Generally, it is a good idea to add some organic matter, which loosens clay soil and helps sandy soil retain nutrients and water. If you are going to buy something from the store, then composted cow manure is a good option. It does not have high levels of salts that can be deleterious to the health of the plants and it is fairly cheap. Vegetable manure is also very good assuming you can verify that the composting has been done properly to kill off potentially viable weed seeds. While many gardeners insist of working it into the soil, it is much more preferable to just layer it on top and let the animals do the mixing for you. Trampling and digging into the soil on a constant basis affects the populations of decomposers and overworks the soil destroying its structure. It speeds up oxidation of organic matter, which lowers the soil's ability to retain nutrients and water. It increases the rate of denitrification. It also destroys animal tunnels that aid the movement of air and water through the soil. In other words, digging manure into the soil to some extent defeats the purpose for which it is intended.
As wildlife gardeners, we try to encourage the development of ecological communities. One should not exclude the soil-based communities that are essential to the health of the plants. Many organisms that live in the soil have their life-cycles disrupted by digging. Fungal hyphae bring nutrients and water to plants as well as storing nutrients that would otherwise be leached down the soil profile. Bacteria aid in the decomposition process and produce a slime that binds particles together. Fungi, bacteria, nematodes and protozoa are in balance with each other in healthy soils in a way that controls the amount of nutrients released to plants. During digging, fungal hyphae are shredded and underground tunnels, used by insects for reproduction, are interrupted. These include digger wasps and bees; burrowing spiders; mole crickets; short-horned grasshoppers; cicadas; tiger beetles; dung beetles; scorpionflies; antlions; robber flies; velvet ants; cicada killer wasps and many other groundwelling species. All of these animals together with nematodes, bacteria and fungi play a role in the development of soil structure and chemistry. Their importance is all too often ignored by gardeners.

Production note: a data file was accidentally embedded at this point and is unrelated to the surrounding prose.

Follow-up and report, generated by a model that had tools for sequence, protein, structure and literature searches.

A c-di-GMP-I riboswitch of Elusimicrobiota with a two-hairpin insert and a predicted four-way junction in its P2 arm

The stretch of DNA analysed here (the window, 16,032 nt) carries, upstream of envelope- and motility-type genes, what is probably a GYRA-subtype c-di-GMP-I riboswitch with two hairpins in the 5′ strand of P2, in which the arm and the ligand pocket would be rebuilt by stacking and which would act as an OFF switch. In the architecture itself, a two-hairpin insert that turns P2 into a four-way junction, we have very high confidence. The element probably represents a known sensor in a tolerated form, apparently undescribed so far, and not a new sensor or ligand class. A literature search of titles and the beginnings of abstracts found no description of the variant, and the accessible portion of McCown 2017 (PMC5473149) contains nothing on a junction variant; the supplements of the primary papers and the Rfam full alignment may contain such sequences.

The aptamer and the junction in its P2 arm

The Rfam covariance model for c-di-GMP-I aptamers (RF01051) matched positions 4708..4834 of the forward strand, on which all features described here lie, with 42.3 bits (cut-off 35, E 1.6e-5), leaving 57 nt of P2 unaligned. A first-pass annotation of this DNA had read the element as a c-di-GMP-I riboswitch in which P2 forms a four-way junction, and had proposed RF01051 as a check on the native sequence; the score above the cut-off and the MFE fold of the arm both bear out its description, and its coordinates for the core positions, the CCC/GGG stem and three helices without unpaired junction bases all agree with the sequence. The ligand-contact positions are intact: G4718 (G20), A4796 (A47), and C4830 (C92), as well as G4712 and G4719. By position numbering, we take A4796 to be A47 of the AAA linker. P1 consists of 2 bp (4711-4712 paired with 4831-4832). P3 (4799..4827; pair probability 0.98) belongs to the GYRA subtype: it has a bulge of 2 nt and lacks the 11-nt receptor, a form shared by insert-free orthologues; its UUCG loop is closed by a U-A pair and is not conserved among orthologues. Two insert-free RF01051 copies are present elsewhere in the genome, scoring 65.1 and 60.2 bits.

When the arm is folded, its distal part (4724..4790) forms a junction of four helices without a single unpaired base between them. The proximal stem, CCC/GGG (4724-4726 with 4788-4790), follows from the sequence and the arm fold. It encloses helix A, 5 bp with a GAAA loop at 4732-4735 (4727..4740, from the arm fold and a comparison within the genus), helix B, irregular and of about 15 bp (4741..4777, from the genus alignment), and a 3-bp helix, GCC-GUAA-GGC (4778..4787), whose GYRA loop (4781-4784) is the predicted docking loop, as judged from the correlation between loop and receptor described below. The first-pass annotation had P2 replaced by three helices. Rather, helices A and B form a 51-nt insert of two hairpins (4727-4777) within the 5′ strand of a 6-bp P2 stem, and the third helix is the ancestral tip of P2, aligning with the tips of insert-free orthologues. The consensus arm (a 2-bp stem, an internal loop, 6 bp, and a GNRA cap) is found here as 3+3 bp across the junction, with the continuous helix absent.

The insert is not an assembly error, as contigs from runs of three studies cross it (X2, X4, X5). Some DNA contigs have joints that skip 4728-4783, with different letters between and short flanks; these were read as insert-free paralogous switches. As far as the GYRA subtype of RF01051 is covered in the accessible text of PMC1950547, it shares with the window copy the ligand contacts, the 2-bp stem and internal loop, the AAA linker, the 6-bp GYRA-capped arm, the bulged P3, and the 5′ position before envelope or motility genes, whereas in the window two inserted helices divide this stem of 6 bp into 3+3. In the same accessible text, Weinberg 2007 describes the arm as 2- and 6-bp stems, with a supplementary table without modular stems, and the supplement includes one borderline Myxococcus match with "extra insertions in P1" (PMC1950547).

An even cheaper and better way to manure is to use your raked leaves (but not needles). So many gardeners expend time collecting leaves off their lawns and moving them to the roadside. Then, they expend more time and money going to the garden centre to buy compost or chemical fertiliser, which is then lugged back into the garden to replace the manure they gave away for free. The modernisation of agriculture is mainly responsible for the prevalent attitude amongst gardeners that gardening should be an unsustainable practice that involves the removal of essential nutrients and organic material which is then replaced with chemicals and pesticides.
Many gardeners apply a thick layer of wood mulch to their beds. The advantage is that it cuts down on a considerable amount of weeding and watering. However, there are ecological consequences that result from this practice. This mulch is not only a good barrier to weeds, but also to insects that form part of the soil community. In particular, ground nesting bees are affected by this practice.
A covering of raked leaves may not look as sightly as a manicured flowerbed, but it has several advantages. The leaves will feed many invertebrates as well as protect them from predators. On exposed soil, these invertebrates would not be able to survive the levels of predation that would occur. Many butterflies complete their metamorphosis into adults as a chrysalis in leaf litter close to the host plants. With leaves, populations of invertebrates can form that will support animals in a sustainable way further up the food chain. Ground feeding birds such as Juncos will visit your garden looking for tasty morcels. Snails, which are a major source of calcium for birds do well in leaf litter. Many of the pests that we do not like will be kept in balance by the soil-based community and visiting birds. The carbon-nitrogen ratio is high in leaves. However, a layer of leaves will not rob the plants of nitrogen. The addition of leaves as a manure better mimics the natural process of nutrient cycling in woodlands than the addition of compost that is relatively nitrogen-rich. Wildlife gardening is different from vegetable gardening where nitrogen-rich composting is required for intense food production.
Leaves shade the soil underneath keeping it cooler and reducing the the evaporation rate. This results in a considerable reduction in the water needs of your plants. Leaves are raked onto flowerbeds in the fall and this layer will protect more tender plants from cold weather. Leaves also encourage the development of fungal hyphae that form important symbiotic relationships with perennials. Some plants, which include many members of the mint family, do not do well under mulch and must be left exposed to the air during winter.
As mentioned elsewhere, if you have a sandy or a sandy loam soil, you should leave some soil bare for native bees and wasps to nest in. These areas should remain free of any disturbance to give these wonderful creatures a chance to complete their life-cycle.